There’s an expert for everything these days, it seems.
The History Channel loves to roll out various oddball experts for its show Ancient Aliens, most notably the wild-haired Giorgio Tsoukalos. Beyond Tsoukalos’ willingness to embrace any far-fetched notion that aliens are behind humanity’s technological evolution — or invent those theories himself — he also sports a weird, quasi-pompadour/afro hairstyle that would make Donald Trump green with envy.
I’ll give Tsoukalos one thing: Alien expert wouldn’t be a bad job, really. Oh, so I’m wrong am I? Then prove it! Ha! You CAN’T! I must be correct!
Being an expert on theoretical topics is like being an over-the-phone car mechanic. Oh, that didn’t fix the problem the way I said it would? Oh, you must have done it wrong. Click.
At this point, anybody can be an expert on anything. Open your web browser and type in google.com and you’ve got access to all the information in the world about any topic you can imagine. Of course, a portion of that information will be brazenly false and wildly, dangerously misleading, but discerning readers can compare sources to find the truth.
There are two steps to being an expert. Step 1: Decide to be an expert. Step 2: Start telling people you’re an expert. Now, if you want to make the big time you’re going to need a thimbleful of knowledge to pad those interviews to sell your books. That’s why you become a conspiracy theory expert because really, who can prove you’re wrong?
Today on my way to work I was listening to sports expert Mike Greenberg talking (and talking and talking) about how, amazingly, New York Jets quarterback Tim Tebow would be out of the NFL by next season.
Tebow is a prime example, I believe, of a subject where all the experts are wrong. If you don’t know who Tim Tebow is, you’ve probably been living under a rock for the past decade. The media has hounded Tebow since his college days, either trying to discredit his reputation or to cash in on his popularity.
Tebow is probably the most celebrated college football player in history. He can boast a Heisman Trophy and two national championships as quarterback at the University of Florida. He just finished his first season with the Jets, who used him basically to make sure the wind wouldn’t flip their bench over.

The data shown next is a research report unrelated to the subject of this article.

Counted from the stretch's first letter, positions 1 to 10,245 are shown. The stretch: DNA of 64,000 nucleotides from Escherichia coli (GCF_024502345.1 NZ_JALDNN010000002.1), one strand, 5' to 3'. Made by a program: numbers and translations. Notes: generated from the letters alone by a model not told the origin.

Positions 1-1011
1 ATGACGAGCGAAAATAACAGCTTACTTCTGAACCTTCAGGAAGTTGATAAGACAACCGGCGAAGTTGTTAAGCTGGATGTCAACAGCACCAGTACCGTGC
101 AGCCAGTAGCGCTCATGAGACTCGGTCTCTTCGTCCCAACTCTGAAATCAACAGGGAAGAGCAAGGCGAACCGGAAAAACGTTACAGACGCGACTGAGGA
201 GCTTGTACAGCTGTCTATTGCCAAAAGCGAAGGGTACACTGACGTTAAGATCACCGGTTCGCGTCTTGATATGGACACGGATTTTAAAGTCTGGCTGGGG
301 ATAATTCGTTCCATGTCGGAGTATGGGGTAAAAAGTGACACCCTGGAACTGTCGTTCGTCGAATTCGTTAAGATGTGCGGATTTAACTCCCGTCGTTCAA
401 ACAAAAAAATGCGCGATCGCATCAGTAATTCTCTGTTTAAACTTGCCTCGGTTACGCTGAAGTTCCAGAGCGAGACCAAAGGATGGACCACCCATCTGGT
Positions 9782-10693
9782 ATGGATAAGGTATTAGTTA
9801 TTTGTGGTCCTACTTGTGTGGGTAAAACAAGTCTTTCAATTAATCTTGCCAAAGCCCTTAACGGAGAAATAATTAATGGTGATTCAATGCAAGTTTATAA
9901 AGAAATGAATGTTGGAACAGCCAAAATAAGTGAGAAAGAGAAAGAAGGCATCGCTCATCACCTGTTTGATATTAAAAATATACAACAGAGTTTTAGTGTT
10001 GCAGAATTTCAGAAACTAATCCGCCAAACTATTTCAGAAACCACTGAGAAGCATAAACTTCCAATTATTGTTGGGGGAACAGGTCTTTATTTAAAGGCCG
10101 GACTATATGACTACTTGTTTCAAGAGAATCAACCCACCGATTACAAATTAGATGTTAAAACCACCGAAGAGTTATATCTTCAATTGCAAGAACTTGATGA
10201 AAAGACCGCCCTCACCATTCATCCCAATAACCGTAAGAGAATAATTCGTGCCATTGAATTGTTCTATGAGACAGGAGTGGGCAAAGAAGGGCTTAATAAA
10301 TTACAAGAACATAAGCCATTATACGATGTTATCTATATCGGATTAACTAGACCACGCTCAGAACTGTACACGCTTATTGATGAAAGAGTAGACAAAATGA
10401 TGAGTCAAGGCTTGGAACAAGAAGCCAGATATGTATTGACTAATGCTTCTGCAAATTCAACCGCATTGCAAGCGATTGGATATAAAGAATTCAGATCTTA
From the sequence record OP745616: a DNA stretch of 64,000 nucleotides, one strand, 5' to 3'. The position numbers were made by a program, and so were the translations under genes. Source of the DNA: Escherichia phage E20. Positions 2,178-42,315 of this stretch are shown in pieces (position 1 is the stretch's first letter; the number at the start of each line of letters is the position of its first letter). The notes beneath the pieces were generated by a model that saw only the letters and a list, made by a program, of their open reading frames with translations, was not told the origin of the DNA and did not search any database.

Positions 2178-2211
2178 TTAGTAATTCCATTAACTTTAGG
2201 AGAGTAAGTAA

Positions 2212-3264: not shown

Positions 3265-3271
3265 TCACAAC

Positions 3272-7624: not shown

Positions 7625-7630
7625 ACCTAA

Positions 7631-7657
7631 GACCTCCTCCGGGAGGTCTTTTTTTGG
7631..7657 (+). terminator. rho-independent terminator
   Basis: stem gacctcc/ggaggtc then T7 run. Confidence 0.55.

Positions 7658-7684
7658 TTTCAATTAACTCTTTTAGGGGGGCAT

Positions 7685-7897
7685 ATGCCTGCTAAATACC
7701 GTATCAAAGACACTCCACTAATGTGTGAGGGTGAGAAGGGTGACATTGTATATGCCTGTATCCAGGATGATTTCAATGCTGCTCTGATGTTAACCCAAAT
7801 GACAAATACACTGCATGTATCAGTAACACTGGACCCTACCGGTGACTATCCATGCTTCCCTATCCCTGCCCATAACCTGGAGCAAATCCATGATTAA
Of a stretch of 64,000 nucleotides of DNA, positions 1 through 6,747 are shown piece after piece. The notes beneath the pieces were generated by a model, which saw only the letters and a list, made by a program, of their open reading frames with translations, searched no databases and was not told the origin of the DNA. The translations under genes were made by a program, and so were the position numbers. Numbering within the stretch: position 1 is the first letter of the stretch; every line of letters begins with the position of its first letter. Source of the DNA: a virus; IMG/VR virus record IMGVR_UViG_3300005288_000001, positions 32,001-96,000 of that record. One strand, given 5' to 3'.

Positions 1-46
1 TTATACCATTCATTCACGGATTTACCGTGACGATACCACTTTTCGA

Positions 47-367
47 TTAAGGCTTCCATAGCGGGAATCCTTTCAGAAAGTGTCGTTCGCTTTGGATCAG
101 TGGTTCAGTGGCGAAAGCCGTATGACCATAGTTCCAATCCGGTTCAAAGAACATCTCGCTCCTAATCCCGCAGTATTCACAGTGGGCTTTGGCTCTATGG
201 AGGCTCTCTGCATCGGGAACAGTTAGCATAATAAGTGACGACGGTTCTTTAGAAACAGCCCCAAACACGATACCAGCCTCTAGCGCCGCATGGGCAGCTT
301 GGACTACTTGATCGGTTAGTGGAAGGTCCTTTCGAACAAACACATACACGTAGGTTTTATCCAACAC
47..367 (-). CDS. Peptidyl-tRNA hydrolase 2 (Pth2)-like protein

Tebow has been a polarizing figure, I guess you could say, mainly because he’s a Christian and what isn’t polarizing about Christianity these days? In a time when it’s not “cool” to be religious, Tebow gained notoriety and scorn for displaying Bible verses on his eye black, going on mission trips and (allegedly) leading a clean and God-fearing life despite the temptations that come along with being a professional athlete.
Tebow has been more of a cultural hero than a football player to this point, thanks in large part to the experts. Christians find Tebow’s willingness to speak about and live his faith inspiring, while some enjoy mocking him for the same reason.
The “Tebowing” fad I think was more of the latter — people emulating Tebow’s post-game prayer pose and having their friends snap photos.
Tebow made a case for his ability to win football games in 2011 for the Denver Broncos when he took over a 1-4 team, won his first start and subsequently led Denver to an 8-8 season record and a wildcard playoff victory. Tebow ended the season 8-5 as a starter.
Now, after a year of disuse and misuse by the Jets, a broken rib and Jets coach Rex Ryan forgoing Tebow for his third or fourth-string QB (or maybe giving the waterboy a chance to play before Tebow) Tebow, the most popular athlete in America is headed for the scrap heap, the experts say.
The NFL’s system of recycling mediocre coaches many times over always gets a pass from the “experts,” but the same “experts” can’t wait for Tebow to fail. Maybe he will, so all these experts can say “Well, it’s just like I said …” It’s going to take someone to give Tebow a chance to be a starting QB, and those people consider themselves experts too.
Tebow’s proven he can win football games. Too bad the “experts” are less interested in stats than their own opinions.
Bill Petzold is a staff writer for the Tuscola County Advertiser. He can be reached at firstname.lastname@example.org.